Higher versus Lower Positive End-Expiratory Pressures in Patients with the Acute Respiratory Distress Syndrome

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Abstract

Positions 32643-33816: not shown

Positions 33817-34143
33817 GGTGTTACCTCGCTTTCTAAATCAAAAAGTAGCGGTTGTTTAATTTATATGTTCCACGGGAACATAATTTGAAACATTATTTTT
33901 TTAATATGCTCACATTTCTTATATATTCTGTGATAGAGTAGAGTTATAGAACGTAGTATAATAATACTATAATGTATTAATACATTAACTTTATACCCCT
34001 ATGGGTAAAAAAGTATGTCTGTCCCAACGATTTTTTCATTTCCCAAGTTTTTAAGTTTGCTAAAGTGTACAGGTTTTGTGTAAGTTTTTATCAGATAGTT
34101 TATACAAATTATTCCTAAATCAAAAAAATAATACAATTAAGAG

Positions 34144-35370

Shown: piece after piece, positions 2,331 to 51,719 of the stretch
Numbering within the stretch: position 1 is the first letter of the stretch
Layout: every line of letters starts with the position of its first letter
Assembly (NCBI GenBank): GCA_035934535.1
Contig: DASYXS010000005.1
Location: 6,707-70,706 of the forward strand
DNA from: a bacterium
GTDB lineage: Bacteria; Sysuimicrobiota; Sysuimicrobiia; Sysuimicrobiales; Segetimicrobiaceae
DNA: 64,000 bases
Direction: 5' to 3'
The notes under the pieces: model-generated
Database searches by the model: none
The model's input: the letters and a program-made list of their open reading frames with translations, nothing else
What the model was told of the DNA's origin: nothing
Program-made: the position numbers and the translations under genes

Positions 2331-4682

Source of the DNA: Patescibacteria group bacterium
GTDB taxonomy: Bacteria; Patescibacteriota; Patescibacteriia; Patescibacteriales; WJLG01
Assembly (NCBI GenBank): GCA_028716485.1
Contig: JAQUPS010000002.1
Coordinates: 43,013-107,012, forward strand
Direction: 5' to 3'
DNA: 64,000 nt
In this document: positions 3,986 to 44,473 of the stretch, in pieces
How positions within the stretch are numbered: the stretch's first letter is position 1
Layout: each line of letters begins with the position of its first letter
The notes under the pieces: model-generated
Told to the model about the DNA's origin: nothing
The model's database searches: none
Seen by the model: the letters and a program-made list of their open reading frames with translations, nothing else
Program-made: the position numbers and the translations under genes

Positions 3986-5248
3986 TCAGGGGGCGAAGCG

BACKGROUND Most patients requiring mechanical ventilation for acute lung injury and the acute respiratory distress syndrome (ARDS) receive positive end-expiratory pressure (PEEP) of 5 to 12 cm of water. Higher PEEP levels may improve oxygenation and reduce ventilator-induced lung injury but may also cause circulatory depression and lung injury from overdistention. We conducted this trial to compare the effects of higher and lower PEEP levels on clinical outcomes in these patients. METHODS We randomly assigned 549 patients with acute lung injury and ARDS to receive mechanical ventilation with either lower or higher PEEP levels, which were set according to different tables of predetermined combinations of PEEP and fraction of inspired oxygen. RESULTS Mean (+/-SD) PEEP values on days 1 through 4 were 8.3+/-3.2 cm of water in the lower-PEEP group and 13.2+/-3.5 cm of water in the higher-PEEP group (P

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